Every Natural Fact: Five Seasons of Open-Air Parenting
by Amy Lou Jenkins

Holy Cow! Press, 2010. ISBN 978-0-982-35451-3.
Reviewed by Susan Schoch
Posted on 11/24/2010

Nonfiction: Memoir; Nonfiction: Nature/Place/Environment; Nonfiction: Relationships;

With a keen eye on the natural life around her, and on the development of her son, Amy Lou Jenkins has written a memoir that offers an unusual and insightful glimpse into development and change, in humans and in other forms of life.

Over five seasons of outdoor explorations with eleven-ish DJ, Jenkins shows us a boy growing: curious, absorbed, funny, kind, resisting, sometimes engaged and sometimes unwilling, a whole boy maturing in a healthy way. Though she doesn't flinch from allowing us to hear such imperfections as the pre-adolescent arrogance in his tone on occasion, her lovely and loving writing shows the noble intelligence and beauty at work in her son. In a manner both subtle and penetrating, Jenkins has created a paean to him as archetypal and individual boy, and to the natural world of which he is a powerful part.

For women who hope to bring their children with them into the wild world they themselves love, this recounting of just that accomplishment will be inspirational. Some of us err, it seems, by making such moments exceptional. Jenkins keeps it simple, frequent and low-key. Generally mother and son take a day-pack and hop in the car to explore Wisconsin, for a day or a weekend. Their conversations along the way ramble and go deep. These ventures began when DJ was very young, and are certainly meant to nurture Jenkins herself, as well as her son. Her musings on the history and ecology of place, spirituality, aesthetics, motherhood, and the details of animal and plant life are food for her own development. She adds enough fun, and like a good teacher (which most mothers hope to be for their children), she gives lots of information. She does this as she encourages you to look carefully at what is right in front of you, to approach it with respect and let its beauty stir you.

Jenkins' writing has been compared to that of Annie Dillard and Aldo Leopold. Her voice conveys her sensitivity, intellectual curiousity, passionate feeling and serious study with regard to the natural world around her. To a Midwestern landscape that can be underappreciated, Jenkins turns a poet's eye. With DJ we notice dark flyers across a winter field, a quail emerging from the summer tangle and shade of a riverbank. She also brings along her own internal scientist and gives us factual and objective data on wide-ranging topics, from whooping cranes to the sociology of Wisconsin's poor children.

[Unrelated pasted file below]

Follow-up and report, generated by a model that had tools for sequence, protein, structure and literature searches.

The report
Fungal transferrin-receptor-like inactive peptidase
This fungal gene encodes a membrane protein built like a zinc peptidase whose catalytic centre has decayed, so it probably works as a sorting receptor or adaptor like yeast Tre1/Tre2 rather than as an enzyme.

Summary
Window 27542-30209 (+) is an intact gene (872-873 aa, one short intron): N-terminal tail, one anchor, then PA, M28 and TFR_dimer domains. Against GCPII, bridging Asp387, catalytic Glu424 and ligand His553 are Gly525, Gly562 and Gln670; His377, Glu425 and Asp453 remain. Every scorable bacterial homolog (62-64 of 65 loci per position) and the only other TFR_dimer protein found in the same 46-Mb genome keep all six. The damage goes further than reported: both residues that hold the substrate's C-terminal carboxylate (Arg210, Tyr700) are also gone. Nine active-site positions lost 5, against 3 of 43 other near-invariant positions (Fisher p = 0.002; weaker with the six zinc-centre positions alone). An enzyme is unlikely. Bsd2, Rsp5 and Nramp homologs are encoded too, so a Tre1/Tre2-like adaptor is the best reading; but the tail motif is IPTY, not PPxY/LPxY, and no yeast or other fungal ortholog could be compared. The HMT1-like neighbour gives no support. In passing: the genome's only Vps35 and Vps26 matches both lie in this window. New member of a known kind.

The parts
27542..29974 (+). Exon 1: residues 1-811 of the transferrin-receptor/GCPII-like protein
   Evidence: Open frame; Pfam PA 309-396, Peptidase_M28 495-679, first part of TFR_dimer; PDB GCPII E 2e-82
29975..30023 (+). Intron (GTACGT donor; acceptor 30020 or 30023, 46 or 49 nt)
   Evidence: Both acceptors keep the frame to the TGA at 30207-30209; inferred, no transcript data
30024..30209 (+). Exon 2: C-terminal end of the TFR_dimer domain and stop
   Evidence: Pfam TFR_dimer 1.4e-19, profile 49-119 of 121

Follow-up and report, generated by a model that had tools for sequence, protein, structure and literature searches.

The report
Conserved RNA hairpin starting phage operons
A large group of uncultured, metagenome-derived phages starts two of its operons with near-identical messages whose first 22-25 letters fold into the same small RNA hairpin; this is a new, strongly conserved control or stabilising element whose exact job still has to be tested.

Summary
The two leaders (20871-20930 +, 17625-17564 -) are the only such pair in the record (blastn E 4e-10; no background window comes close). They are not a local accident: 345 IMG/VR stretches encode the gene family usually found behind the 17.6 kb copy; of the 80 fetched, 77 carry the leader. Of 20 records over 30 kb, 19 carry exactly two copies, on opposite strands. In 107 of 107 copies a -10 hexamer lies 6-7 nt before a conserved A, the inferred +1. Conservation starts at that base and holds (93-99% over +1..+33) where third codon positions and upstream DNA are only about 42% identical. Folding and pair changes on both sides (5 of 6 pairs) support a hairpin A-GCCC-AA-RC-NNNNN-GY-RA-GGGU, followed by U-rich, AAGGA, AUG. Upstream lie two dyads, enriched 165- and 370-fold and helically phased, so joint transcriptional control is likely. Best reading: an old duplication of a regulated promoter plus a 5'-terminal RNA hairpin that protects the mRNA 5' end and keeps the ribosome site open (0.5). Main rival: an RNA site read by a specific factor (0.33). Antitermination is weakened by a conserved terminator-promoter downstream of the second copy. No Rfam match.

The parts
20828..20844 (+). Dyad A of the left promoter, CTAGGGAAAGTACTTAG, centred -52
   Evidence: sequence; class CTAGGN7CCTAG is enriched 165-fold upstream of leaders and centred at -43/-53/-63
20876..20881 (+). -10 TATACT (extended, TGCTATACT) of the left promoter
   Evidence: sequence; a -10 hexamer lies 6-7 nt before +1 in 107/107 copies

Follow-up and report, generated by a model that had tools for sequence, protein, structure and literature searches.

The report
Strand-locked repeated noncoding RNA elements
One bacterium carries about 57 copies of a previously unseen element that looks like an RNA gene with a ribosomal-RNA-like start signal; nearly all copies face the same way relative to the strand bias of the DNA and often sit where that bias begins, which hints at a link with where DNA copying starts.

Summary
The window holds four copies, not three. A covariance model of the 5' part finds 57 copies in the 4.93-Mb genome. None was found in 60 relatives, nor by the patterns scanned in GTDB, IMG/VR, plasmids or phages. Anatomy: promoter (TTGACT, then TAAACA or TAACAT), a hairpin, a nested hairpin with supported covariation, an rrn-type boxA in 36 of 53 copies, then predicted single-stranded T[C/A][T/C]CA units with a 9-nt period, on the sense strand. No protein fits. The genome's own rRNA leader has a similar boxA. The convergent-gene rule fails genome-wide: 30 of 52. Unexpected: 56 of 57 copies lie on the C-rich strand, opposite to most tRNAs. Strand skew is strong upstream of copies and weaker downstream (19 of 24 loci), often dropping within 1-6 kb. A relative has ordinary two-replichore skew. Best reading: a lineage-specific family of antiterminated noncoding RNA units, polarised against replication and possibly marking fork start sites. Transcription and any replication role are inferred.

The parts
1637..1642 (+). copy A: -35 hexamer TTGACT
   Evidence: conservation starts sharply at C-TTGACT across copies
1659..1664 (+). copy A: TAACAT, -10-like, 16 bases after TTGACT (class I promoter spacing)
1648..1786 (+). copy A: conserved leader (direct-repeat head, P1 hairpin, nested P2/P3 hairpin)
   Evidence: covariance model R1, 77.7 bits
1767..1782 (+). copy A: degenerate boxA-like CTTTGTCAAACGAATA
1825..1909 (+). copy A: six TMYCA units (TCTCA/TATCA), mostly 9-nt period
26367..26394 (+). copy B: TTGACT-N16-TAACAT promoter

From the Dells on the Wisconsin River to ice caves along Lake Superior, from the Kettle Moraine to the Marinette waterfalls and the bluffs along the Mississippi, Jenkins provides a tour of Wisconsin parks and historical places. As a sometime visitor myself, I know that her sense of wonder and appreciation for the landscape is well-deserved. I'll be sending copies of her work to folks there soon, knowing it will encourage them to explore further.

This is a rich book, reflective of an active and thoughtful intellect, yet primarily about parenting with a bent toward environmental gratitude. Clearly, Jenkins hopes to build DJ a solid foundation of knowledge and emotional attachment to the Earth and the living things that inhabit it. From that, all else will flow toward the good, and the good man. Every Natural Fact makes me believe she is succeeding.

Amy Lou Jenkins is a writer, speaker, nurse and educator from Wisconsin. She has published extensively and received prestigious awards including the X.J. Kennedy Award for Nonfiction and the Ellis/Henderson Outdoor Writing Award. Amy Lou has taught at Carroll University and in many workshops and conferences. You can learn more on her website, where there is a video trailer of Every Natural Fact.

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